He was an article writer, poet, Seville City Hall official, director (warden) of the Alcázar from 1934 to 1969 and a contemporary of the Generation of ’27. He was born in Los Palacios y Villafranca (Seville) on July 18, 1904, and died in the Andalusian capital in 1969. He met Federico García Lorca at the founding ceremony of the group held on December 11, 1927 in Seville and participated in the festivities that followed at the Real Venta de Antequera and the Pino Montano estate, owned by the bullfighter Ignacio Sánchez Mejías. In 1935, he was the host of Lorca during the visit to the Holy Week and the April Fair. Although after the uprising he was an active collaborator of Franco’s side, in 1937 he published in a private edition of 200 copies Seven Ballads, which contains the following dedication: “To you, in Vízna [sic], near the big fountain, already made earth and rumor of eternal and hidden water!”. A few months earlier, Romero, commissioned by Queipo de Llano, to whom some researchers attribute the order to assassinate Lorca, visited the place of the shooting.
In 1935, he was Lorca’s host during the visit to the Holy Week and the April Fair.
He was editor-in-chief of the Sevillian magazine Mediodía between 1926 and 1929, a period in which he was linked to the avant-garde, particularly ultraism, and reviewed Pedro Garfias’s book The South Wing. As a poet he made his debut in 1924 with Prosarios, which was followed by Passionate Shadow (1929). Critics saw in his work the traces of Gómez de la Serna, Valle-Inclán, Bergamín and Pedro Salinas. After the Civil War he published Song of the Andalusian Lover and Kasida of Forgetfulness (1945). He is the author of several books of essays such as God in the City (1934) or Discourse of the Lie (1941). After the proclamation of the Republic, the Alcázar of Seville became dependent on the City Council. In 1934, he was appointed warden, a post he held for 35 years until his death.
.In 1927, at the Pino Montano estate, in the party that followed the tribute to Luis de Góngora, he participated in a kind of poetic jousting that pitted local poets against those who came from outside. Romero Murube acted on the side of the Sevillians along with Luis Cernuda, Fernando Villalón, Adriano del Valle and Rafael Laffón. Federico García Lorca recited a selection of his gypsy ballads. According to Gerardo Diego, on one of those nights they organized “the heroic and nocturnal crossing of the overflowing Betis”. Murube wrote it in the dedication of one of his books: “To Federico… Do you remember the night we crossed the overflowing Guadalquivir? How scary, how you screamed!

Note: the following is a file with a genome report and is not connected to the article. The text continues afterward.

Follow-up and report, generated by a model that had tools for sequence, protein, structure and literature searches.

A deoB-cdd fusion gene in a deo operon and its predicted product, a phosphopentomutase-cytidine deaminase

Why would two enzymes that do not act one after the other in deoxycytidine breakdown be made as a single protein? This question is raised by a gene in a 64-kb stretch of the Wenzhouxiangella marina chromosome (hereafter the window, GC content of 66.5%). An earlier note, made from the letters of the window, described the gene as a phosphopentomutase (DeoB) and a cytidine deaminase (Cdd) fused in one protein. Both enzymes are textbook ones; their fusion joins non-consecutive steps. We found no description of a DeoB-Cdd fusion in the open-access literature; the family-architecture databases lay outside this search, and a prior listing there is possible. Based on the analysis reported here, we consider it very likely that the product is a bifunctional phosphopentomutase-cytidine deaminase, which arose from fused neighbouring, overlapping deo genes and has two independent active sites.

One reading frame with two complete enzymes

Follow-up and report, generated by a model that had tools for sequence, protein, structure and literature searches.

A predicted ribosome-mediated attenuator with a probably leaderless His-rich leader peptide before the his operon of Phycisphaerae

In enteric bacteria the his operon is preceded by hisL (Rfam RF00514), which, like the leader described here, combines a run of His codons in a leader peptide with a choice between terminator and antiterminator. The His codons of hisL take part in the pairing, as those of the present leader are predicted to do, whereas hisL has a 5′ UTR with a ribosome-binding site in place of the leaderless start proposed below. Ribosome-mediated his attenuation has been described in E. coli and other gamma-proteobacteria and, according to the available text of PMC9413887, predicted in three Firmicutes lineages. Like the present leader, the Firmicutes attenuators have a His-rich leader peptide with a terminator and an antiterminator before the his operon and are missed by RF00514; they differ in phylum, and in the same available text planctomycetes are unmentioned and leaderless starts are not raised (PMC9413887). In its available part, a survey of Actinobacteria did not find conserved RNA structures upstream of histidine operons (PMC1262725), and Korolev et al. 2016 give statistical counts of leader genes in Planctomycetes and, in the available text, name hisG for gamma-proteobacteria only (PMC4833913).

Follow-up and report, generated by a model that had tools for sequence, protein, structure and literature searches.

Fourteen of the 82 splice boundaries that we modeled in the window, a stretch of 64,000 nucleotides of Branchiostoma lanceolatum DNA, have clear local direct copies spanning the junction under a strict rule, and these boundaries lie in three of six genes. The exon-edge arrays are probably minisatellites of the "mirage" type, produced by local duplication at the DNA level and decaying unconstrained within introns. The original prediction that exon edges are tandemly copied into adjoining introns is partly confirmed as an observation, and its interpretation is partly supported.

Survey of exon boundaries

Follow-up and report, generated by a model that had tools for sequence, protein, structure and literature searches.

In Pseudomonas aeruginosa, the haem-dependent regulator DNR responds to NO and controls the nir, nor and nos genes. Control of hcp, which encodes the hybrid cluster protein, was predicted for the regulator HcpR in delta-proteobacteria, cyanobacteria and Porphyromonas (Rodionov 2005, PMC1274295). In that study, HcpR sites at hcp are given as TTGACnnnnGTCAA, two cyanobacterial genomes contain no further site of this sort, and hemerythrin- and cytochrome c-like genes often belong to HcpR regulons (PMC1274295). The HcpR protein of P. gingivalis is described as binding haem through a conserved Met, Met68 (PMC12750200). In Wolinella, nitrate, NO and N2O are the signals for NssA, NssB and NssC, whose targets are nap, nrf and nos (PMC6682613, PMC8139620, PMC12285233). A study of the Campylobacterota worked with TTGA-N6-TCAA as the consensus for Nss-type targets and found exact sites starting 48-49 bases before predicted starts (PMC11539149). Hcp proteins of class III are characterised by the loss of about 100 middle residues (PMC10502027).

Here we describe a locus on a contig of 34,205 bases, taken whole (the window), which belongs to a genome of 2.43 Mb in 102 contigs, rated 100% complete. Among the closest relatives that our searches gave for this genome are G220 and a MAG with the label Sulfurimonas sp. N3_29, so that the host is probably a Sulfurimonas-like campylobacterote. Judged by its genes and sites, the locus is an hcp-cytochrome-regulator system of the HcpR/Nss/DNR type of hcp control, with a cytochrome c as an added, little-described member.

Romero Murube, as warden of the Alcázar, invited Federico to visit the Holy Week in Seville and its Fair in 1935. The meeting was attended by Pepín Bello, Jorge Guillén and José Antonio Rubio Sacristán. Murube installed a grand piano in a garden next to the Alcázar where Federico improvised some melodies. Those were days of honey, love and wine. Lorca, fond of liturgies and religious pomp, enjoyed the Holy Week in Seville with recollection and lust. Invited by the historian Santiago Montoto, he stayed at the Venta de los Gatos stand. According to Gibson, from the poet’s stay in Seville there remains the testimony of a mysterious love affair, a handwritten note from the poet with the following message: “I have been looking for you, getting rid of a thousand people. Tonight I will wait for you at half past one in the Sacristy. Take Antonio Torres Heredia or Pepita or the girl with the horns. I’ll be there. Don’t forget. Federico”. According to Romero, the one who did not miss the appointment in Seville was Rafael Rodríguez Rapún, his lover and secretary of La Barraca.
According to Murube’s version, Queipo de Llano sent him to Granada in the middle of the war to identify the place where Lorca was executed.